I tried a few more experiments with Xborktana, until it started to annoy me, and decided that the UI is just as unhelpful and unpleasant.

Is there some secret plan by Microsoft to kill off the Xbox One by making its users give up?

 

(* I say “DVR service” in quotes because it doesn’t appear to be an actual DVR where you record a local copy of shows onto your device, they appear to be on-demand streamed such that you can’t watch the content if your cable or the service has problems, it can take several seconds to respond to remote inputs like pause or rewind, etc)

Digital assistants – plural.

Siri, Alexa, Google Home/Now, Cortana… One thing none of those links gave you was the ability to use the assistant from your web-browser. You have to install the right app for a specific ecosystem on specific hardware :(

A family household is likely to be a complicated device-ecosystem, a typical house is going to have TVs, computers or laptops, tablets or pads, phones, music and/or game systems.

I want you to try role-playing this scenario, ideally sitting down.

You have a household assistant, you can ask it who is at the door, get it to place phone/skype calls, change the tv channels, play music… You just have to say “Hey house” and the command you want.

Ok. It’s cold. Ask the house to “turn up the heat”.

“Hey house: turn up the heat”.

Great. The room starts to warm up.

Now, you can go back to reading on your tablet/laptop/phone this great news that your bank noticed it hasn’t been paying you interest and you’ll see a $1,000 deposit from them in your account tomorrow. There has to be a catch, or some small print, right? But it’s a bit dark and you can’t read the screen. There are no brightness controls on this thing, you have to ask the house to raise the brightness on the display.

Go ahead. Ask.

What do you want from Vanilla?

Travel facilities, quest simplification, loot retooling, mechanic changes, etc, have all been tuned to reduce friction of rapid leveling – but they have achieved a system that satisfies nobody.

Playing Old-WoW has been reduced to playing a slot machine that gives you a quarter back for every 4 spins of the wheels. It’s just there to distract you until the main show.

The reward-set for the starting quest hub in each leveling zone is un-special, and the pacing is such that you’re out-leveling the quests before you’ve finished the first gear set. At this stage, you need to fight yellow/orange mobs to get off more than 2-3 attacks, and you know that if you just went to the next zone you’d be having more interesting fights with better gear.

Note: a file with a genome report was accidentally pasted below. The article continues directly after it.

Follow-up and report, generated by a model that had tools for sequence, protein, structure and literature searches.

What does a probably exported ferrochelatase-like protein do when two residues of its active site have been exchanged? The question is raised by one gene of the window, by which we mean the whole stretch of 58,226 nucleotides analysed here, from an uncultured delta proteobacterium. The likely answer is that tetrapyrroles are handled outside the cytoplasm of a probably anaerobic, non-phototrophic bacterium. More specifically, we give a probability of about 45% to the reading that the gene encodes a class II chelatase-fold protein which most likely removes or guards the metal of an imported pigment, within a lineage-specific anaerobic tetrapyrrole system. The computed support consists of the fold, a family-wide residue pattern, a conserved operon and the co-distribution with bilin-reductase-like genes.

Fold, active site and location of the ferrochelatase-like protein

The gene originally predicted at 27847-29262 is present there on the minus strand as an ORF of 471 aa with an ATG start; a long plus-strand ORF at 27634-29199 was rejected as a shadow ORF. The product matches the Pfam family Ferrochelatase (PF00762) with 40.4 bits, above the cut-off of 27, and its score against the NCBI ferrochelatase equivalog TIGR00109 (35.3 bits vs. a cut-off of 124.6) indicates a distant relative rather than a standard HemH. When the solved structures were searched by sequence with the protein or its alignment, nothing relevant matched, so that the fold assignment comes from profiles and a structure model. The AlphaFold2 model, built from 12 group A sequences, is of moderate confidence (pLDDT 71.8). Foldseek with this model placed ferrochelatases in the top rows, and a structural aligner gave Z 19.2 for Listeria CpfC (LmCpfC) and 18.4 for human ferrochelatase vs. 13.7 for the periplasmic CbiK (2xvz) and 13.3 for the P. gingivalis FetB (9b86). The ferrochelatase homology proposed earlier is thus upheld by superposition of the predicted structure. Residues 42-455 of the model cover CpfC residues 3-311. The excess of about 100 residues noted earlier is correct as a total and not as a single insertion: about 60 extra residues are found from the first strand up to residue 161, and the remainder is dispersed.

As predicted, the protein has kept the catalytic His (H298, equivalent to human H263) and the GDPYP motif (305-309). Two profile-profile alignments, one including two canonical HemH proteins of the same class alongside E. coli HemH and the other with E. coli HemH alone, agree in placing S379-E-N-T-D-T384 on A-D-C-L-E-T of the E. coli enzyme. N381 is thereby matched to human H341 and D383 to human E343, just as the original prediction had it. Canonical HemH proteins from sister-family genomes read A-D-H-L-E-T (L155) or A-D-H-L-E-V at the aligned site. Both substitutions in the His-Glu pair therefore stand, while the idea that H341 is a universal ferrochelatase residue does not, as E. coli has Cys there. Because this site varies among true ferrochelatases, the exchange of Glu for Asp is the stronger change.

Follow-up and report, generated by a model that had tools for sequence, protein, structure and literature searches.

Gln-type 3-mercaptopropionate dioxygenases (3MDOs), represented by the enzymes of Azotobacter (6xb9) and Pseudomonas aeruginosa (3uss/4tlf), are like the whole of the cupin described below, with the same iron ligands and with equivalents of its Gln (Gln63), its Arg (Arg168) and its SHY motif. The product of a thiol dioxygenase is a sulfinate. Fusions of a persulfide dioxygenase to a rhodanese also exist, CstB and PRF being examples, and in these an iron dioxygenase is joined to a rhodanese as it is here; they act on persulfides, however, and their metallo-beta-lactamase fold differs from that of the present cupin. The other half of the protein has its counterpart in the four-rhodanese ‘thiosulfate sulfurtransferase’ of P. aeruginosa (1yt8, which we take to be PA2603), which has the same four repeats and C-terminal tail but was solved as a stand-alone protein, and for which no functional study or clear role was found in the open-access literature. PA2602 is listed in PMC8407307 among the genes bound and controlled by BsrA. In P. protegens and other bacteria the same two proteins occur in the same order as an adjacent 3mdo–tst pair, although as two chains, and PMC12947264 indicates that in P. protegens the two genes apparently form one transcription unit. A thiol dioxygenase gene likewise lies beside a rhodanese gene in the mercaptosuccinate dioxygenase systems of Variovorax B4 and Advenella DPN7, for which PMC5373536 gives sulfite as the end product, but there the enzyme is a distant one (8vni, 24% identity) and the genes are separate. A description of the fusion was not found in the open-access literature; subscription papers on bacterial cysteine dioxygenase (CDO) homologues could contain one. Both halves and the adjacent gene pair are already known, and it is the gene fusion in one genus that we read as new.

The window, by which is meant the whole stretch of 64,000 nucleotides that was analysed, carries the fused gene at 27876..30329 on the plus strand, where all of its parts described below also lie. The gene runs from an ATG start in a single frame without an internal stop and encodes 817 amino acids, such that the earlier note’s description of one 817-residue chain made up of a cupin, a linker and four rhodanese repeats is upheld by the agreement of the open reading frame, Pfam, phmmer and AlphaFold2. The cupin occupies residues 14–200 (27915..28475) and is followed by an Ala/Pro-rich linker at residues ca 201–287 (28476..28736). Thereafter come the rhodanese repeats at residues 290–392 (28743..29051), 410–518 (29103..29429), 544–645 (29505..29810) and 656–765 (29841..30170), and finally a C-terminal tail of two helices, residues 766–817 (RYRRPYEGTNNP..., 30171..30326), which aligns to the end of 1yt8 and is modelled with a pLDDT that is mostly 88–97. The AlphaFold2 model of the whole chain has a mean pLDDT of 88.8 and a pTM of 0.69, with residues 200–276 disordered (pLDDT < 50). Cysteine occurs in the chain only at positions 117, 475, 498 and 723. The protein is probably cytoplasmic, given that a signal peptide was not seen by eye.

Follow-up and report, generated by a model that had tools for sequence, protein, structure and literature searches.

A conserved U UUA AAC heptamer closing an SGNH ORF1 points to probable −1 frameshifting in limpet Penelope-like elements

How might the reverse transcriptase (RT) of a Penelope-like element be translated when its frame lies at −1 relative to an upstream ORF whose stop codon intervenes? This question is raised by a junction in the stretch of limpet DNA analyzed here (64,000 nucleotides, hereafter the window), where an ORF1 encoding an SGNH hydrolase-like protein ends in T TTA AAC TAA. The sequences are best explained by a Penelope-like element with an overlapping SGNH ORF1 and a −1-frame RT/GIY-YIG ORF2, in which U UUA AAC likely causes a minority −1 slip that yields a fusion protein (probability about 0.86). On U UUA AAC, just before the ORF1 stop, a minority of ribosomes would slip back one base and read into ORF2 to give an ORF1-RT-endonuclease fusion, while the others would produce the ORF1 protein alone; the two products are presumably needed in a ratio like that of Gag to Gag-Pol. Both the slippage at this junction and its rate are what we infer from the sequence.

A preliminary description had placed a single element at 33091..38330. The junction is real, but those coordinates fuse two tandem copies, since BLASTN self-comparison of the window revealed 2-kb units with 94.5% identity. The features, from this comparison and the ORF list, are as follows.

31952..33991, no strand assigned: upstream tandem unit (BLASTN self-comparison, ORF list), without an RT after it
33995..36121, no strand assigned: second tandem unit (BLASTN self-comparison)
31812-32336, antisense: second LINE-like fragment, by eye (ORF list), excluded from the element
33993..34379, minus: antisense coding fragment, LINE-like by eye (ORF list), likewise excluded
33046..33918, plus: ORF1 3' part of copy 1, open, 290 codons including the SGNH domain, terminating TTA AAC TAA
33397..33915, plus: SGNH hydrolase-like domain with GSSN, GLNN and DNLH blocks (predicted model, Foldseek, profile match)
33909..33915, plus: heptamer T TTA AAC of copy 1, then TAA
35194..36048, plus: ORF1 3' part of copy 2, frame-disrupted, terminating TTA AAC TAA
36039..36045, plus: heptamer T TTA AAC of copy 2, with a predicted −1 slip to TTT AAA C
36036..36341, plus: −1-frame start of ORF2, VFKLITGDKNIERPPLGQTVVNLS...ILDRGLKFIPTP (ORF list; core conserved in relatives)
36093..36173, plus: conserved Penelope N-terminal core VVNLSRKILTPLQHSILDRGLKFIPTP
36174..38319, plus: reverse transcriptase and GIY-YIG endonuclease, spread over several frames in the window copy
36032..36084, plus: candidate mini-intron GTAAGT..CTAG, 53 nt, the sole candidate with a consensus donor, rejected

Crafting items during this phase are essentially pointless since if you try to gather the materials to make something useful, you’ll either get a better random-drop while you’re or out-level the item from bonus exp/etc while you’re working on it.

Despite all this, with 100 levels to reach end-game content, leveling is still. too. slow.

So now the majority of WoW’s legacy content is unpleasant either way:

. Nothing lives long enough for you to develop a “rotation” or learn the deep mechanics of your class,
. Progress rate eliminates value in rewards, drops and crafted items,
. Progress rate eliminates value in interacting with the lore you are traversing,
. Travel access decouples you from rich environs lore is set in,
. Zones have been reduced to quest hub sequences making gameplay dependent on travel access – WoW today feels more like SWGs early mission system than the rich questing experience of the release game,
– Compare with Suramar!
. Exploration is made pointless,
. Progress rate makes zone-completion counter-productive,
. Many zones/quest lines handle co-operation poorly,
. Progress gating makes it counter-productive to group up since you are still limited to content tagged level-appropriate,
– Misses out on opportunity for guilds to put together “hard mode” levelling groups that could race through content above their level for faster exp turn around and more challenge,
. Crafting is largely pointless: the time (and bonus exp) it takes to gather your materials often sees you out-level any item that would be useful,
. Lack of useful crafting/drops makes interaction at these levels (e.g auction house, crafting, etc) largely pointless

I posit that we need to use different levers and switches to allow rapid character progression and try to restore leveling to a more vanilla pace and character:
. Make it easier to get heirloom gear,
. Add bigger exp bonuses to heirloom gear,
. Target dungeons and raids for power-leveling,
. Dial-back the progress rate of world questing, leverage the “Chapter’s” concept seen in Legion and perhaps a “Lore” counter two; progress bars are awesome,